Sheriff Samuel Jones and his posse relented and let Jacob Branson put on some pants, and a coat, before hauling taking him away. The posse left Branson’s claim on horseback, but it seems they only had a mule for their charge. He testifies that previous to him, Franklin Coleman rode the animal.
Then the posse went to Harrison Buckley’s house. Buckley’s deposition doesn’t shed any light on this, but presumably he asked for a side trip to check on his claim. Given his land and Branson’s both abutted Coleman’s, they wouldn’t have had to go far out of their way. According to Branson:
Buckley, and I think one or two others, then got off and went into the house, and got a bridle, and caught another horse. There were several trunks set outside the house; some of them were open; Buckley pushed one back into the house and said that the damned Yankees, or abolitionists, I do not recollect which, had been robbing his house, and that was the way he had found it when he got home.
Whoever fired Buckley’s home didn’t commit the arson until near dawn.
Buckley mounted up on his own horse and the posse rode to the home of a Mr. Freeland. Two remained outside to guard Branson, while the rest went in.
They remained in there for some time, I think from half an hour to an hour. They brought some liquor out to the other men in a jug, and gave me some. I was almost frozen-very much chilled, as it was a clear cold night.
Good thing they let Branson put some pants on. Pants or otherwise, he got to stew outside while the posse had their drinking session. Sufficiently lubricated, the posse continued along. They came up to Blanton’s bridge. It appears that only then did Jones make his business, aside the fact that he put Branson under arrest, known to his prisoner:
Sheriff Jones, who called himself the high sheriff of this county-the one that first presented the pistol to me in my house and called me his prisoner-claimed to be the leader of the company. He never showed me his warrant, and did not tell me for what I was arrested, until a short time before I was rescued. He then rode up to where I was, and I asked him what great criminal act I had been doing, that he brought so many men to take me?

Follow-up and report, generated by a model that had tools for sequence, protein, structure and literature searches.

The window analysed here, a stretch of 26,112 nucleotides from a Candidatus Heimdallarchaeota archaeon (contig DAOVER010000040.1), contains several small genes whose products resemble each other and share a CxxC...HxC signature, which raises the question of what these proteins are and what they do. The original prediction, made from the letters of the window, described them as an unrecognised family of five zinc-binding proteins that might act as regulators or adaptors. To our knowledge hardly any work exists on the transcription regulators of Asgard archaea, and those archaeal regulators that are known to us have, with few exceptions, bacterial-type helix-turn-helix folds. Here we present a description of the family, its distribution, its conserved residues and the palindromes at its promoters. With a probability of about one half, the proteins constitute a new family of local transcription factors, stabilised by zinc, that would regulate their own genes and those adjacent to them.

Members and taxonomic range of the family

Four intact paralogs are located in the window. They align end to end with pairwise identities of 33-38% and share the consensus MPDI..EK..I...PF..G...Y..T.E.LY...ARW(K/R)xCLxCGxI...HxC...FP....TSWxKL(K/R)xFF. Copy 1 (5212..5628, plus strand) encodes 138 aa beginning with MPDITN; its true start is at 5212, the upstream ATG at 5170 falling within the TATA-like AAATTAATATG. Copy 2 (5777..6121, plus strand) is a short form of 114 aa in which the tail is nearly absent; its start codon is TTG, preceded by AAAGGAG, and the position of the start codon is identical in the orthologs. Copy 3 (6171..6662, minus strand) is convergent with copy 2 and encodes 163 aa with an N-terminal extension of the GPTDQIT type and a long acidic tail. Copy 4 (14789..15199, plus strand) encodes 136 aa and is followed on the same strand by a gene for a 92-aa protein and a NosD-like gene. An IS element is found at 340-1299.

Given Branson couldn’t Google Jones and get a look at his picture or see him on television, I can believe that he didn’t know the man on sight. He says as much later in his testimony. But could he really have gone this long in doubt of just why a bunch of proslavery men came to arrest him? Possibly. It’s obvious to us that the Coleman-Dow affair led to all of this, but from Branson’s perspective, Jones could just as likely have come simply because Branson served in the Kansas Legion. Jones explained that he had a peace warrant against Branson, which naturally led to the next question:
I then said, it took a great many men to come after an old man like me. He said, “these men that came along with me we expected would have a little fun; we heard that there were about a hundred men at your house to-day, and we hoped to find them there to-night, as we wanted to have some sport with them;” and said he regretted they were not there, and that they were cheated out of their sport.
Jones likely would not have relished the odds of about a dozen vs. a hundred, and Branson has every reason to paint him in the worst light, but this sounds to me like fairly ordinary frontiersman bluster. The sheriff certainly assembled his posse with the expectation of trouble and he and his deputies probably did hope for a little action, if not to take on an enemy that outnumbered them ten to one.